Literature study – youth employment in developing countries
For years, the Netherlands Ministry of Foreign Affairs has been supporting large programmes that specifically target youth unemployment and underemployment in developing countries. The evidence on the effectiveness of such programmes, however, has always been rather limited. It generally remained unclear how and why certain activities helped youth in finding decent employment. IOB conducts a systematic review on what works to address youth unemployment in developing countries, focusing on the Middle East, North Africa and Sub-Saharan Africa.
Over the years, the number of high-quality studies and impact evaluations of youth employment programmes has gradually increased. In 2017, Kluve et al (2017) published an important systematic review, synthesizing the findings of 107 programmes aimed at improving labour market outcomes for youth in 31 countries. This study included primary studies published up to January 2015.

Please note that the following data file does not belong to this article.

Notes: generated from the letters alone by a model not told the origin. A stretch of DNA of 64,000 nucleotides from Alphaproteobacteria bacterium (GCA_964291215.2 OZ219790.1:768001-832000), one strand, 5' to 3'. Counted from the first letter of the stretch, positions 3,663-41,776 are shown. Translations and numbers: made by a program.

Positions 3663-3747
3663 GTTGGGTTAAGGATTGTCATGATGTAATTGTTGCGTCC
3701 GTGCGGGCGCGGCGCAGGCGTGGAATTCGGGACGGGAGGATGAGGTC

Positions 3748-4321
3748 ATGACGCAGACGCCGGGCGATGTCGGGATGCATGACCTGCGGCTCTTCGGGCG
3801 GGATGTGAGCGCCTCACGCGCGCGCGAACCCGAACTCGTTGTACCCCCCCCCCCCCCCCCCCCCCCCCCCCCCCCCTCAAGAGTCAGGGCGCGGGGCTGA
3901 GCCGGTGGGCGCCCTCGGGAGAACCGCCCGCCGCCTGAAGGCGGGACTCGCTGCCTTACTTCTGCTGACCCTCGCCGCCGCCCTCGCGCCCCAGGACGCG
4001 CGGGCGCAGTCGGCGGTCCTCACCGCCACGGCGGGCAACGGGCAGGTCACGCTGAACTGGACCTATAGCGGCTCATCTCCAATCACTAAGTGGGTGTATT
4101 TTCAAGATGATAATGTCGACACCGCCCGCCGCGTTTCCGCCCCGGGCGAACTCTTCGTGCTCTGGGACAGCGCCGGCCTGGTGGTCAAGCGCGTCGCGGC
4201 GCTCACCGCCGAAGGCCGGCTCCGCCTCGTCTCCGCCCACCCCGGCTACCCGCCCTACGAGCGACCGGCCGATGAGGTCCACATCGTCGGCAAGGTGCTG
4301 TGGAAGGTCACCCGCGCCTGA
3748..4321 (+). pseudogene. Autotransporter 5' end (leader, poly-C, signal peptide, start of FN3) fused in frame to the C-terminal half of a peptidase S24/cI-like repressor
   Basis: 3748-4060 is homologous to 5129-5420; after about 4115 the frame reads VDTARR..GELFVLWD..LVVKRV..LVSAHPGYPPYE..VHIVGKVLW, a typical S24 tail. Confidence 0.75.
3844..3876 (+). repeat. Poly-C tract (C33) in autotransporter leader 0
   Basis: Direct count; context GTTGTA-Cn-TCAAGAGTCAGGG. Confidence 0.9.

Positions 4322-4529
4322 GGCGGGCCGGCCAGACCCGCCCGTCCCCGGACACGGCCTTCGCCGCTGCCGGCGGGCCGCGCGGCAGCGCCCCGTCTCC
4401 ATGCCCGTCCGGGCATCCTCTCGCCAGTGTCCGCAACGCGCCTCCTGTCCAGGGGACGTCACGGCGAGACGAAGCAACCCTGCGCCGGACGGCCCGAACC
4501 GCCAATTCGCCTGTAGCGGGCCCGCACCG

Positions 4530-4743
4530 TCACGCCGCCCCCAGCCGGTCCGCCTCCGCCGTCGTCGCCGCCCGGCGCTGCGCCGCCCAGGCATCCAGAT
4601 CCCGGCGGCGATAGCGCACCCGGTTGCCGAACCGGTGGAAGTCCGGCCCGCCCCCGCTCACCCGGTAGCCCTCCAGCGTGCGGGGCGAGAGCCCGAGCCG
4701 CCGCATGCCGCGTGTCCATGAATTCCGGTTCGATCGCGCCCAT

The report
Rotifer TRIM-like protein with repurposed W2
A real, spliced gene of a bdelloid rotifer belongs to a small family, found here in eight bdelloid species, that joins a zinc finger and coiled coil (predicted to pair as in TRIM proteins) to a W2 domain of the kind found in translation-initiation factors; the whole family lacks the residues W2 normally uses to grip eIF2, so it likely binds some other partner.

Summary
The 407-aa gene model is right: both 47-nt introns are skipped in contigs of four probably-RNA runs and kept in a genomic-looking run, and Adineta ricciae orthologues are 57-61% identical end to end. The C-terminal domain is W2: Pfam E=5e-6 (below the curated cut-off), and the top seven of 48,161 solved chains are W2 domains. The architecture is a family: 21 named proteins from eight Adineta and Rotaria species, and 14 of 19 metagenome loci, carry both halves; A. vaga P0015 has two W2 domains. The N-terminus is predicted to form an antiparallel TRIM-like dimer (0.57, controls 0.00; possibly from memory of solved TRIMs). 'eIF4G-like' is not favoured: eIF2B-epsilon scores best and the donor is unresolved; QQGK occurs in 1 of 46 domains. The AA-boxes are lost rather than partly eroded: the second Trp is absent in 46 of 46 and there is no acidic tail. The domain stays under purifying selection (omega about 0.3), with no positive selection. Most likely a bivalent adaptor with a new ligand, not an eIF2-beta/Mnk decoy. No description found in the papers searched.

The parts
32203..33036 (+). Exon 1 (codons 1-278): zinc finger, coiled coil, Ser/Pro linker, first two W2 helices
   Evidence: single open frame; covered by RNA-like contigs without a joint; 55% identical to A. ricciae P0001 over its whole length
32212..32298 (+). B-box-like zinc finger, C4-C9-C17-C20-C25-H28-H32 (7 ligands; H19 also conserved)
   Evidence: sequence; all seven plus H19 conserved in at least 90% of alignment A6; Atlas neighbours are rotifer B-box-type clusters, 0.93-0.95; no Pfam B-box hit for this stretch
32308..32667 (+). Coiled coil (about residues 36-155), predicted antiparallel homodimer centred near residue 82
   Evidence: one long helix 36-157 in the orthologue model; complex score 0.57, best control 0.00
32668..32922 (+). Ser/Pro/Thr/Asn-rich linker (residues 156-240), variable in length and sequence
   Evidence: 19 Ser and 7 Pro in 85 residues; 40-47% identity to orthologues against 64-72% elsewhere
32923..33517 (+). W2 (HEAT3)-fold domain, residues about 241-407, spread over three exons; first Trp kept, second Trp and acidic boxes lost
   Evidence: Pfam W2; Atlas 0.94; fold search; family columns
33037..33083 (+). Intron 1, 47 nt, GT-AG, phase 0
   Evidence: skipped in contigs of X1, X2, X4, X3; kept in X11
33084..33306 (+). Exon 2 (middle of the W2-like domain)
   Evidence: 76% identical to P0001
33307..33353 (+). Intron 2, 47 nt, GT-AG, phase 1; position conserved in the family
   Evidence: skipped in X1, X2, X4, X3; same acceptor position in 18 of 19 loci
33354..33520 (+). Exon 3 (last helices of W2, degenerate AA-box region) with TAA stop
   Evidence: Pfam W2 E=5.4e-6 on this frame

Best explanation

Since 2015, the number of high quality studies and impact evaluations on this subject has increased further. Therefore, in December 2020, IOB and the ILO joined forces to conduct an update of the aforementioned systematic review of youth employment programmes, with a focus on the Middle East, Northern Africa and Sub-Saharan Africa. The assignment also envisages an update of the 3iE evidence gap map on this theme, using evaluations and articles that were published after 2015.
The aim of this systematic review update is to investigate the impact of youth employment interventions on the labour market outcomes of young people. The research will take place in 2021 and the first results will be available in July 2021.
Central research question
What is the impact of youth employment interventions on the labour market outcomes in developing countries?
- Caspar Lobbrecht – contact person
- Paul de Nooijer
- Ready: Exploration
- Ready: Terms of Reference adopted
- In process: Research in progress
- Report adopted